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“I think I may be suffocating him.”
“When hair stands up on it's own, it's not hair.”
Arthur Stanley Jefferson von Strudel, commonly known as Stan Laurel, was a comedic actor and inventor of the spiked hairstyle. He is perhaps most famous for getting Oliver Hardy into a fine mess, and then another, and, in 1941, yet another fine mess. This resulted in the gradual mental breakdown of Hardy, who felt inclined to be friends with the constantly bumbling Laurel, providing many happy viewers with one of the longest lasting double acts on comedy history.
History and Hair
Arthur von Strudel was born into a family of Bavarian gypsies in 1887. Little is known about his past, except that as an early teenager he mocked a mystic magic madam for having long hair. The insulted mystic cursed Arthur's head, causing his hair to grow completely vertically outwards from his head. His distress at gaining an unwanted afro caused him to desperately search for cures, devoting approximately three days to the search. He eventually managed to flatten most of his hair, but the hair on the very top of his head remained completely rigid. Some scientists postulate that if one was to dig up von Strudel's decomposing torso from his grave, the hair would still be standing. Of course this completely contradicts the fact that hair decomposes, and thusly causes one to doubt the scientists' credibility as anybody other than mental patients. This theory is further backed up by the claim that their lab coats had suspiciously long sleeves.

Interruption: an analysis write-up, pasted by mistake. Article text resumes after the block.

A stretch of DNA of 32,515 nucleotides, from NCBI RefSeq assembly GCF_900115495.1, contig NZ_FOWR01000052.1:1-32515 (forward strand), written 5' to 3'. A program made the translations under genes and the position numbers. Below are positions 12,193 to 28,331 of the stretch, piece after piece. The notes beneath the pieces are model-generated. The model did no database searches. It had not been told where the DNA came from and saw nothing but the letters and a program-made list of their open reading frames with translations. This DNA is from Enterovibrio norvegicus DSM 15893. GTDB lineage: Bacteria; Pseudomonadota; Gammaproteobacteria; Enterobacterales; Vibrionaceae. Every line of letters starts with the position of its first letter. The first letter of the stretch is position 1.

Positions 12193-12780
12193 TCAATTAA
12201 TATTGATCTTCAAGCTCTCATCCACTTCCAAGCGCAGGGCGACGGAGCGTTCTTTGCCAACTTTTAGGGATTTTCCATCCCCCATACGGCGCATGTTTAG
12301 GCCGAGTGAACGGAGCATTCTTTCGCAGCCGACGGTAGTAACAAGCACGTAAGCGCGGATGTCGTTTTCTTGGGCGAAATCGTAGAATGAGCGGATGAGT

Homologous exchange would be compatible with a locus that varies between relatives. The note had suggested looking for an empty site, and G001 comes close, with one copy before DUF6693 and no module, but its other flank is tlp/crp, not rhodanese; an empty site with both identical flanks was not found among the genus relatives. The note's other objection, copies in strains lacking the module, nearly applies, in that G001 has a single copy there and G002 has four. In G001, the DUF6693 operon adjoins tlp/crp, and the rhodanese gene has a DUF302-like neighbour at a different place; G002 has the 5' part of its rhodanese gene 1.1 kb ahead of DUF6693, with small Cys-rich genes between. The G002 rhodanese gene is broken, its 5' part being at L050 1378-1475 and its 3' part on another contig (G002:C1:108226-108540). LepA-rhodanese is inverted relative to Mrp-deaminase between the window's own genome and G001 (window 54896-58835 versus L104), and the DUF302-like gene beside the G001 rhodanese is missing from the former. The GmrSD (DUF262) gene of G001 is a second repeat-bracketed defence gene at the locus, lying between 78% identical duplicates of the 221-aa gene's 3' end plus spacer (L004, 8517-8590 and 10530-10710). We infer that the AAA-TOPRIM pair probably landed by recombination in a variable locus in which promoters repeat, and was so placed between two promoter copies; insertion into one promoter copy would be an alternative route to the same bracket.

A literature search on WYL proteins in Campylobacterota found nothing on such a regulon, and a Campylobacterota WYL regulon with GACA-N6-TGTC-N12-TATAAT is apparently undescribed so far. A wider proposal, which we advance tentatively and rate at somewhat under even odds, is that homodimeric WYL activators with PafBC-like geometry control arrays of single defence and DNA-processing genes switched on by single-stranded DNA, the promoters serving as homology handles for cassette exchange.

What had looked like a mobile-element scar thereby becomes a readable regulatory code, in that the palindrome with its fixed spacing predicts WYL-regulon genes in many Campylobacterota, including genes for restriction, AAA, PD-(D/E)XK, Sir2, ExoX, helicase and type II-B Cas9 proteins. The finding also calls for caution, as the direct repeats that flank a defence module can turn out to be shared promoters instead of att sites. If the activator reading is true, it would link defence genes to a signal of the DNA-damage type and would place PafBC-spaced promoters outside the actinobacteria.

He changed his name on September 22nd, 1914, after realising that audiences weren't interested in going to watch movies starring Arthur Stanley Jefferson von Strudel. There are many stories as to how he came up with the name 'Laurel', but most believe that it was because he liked it.
- Try looking at the page on Oliver Hardy. If it exists. Ho hum.
Oliver Hardy, born with a different name to the one he owned during his career, was born in 1888 under a different name. Not a lot is known about his original name. Only that it was very embarrassing for Hardy as a budding actor, as it was very funny. Rib-tickling, if you will.
Vying for a place in cinema comedy (alongside other comedians such as Jim Cassidy, who nobody has ever heard of, and Charlie Chaplin, who is known in some regions of the world, with a small following in Belgium), Hardy decided to change his name on January 12th, 1915. Ever since, he has been known as Oliver, or Olly. Loved by the audience, the new Oliver Hardy met a new mister Stan Laurel. Laurel and Hardy didn't enjoy each other's company, but after a film director noticed how funny they looked together, the prospect of a successful career in cinema was too good to miss.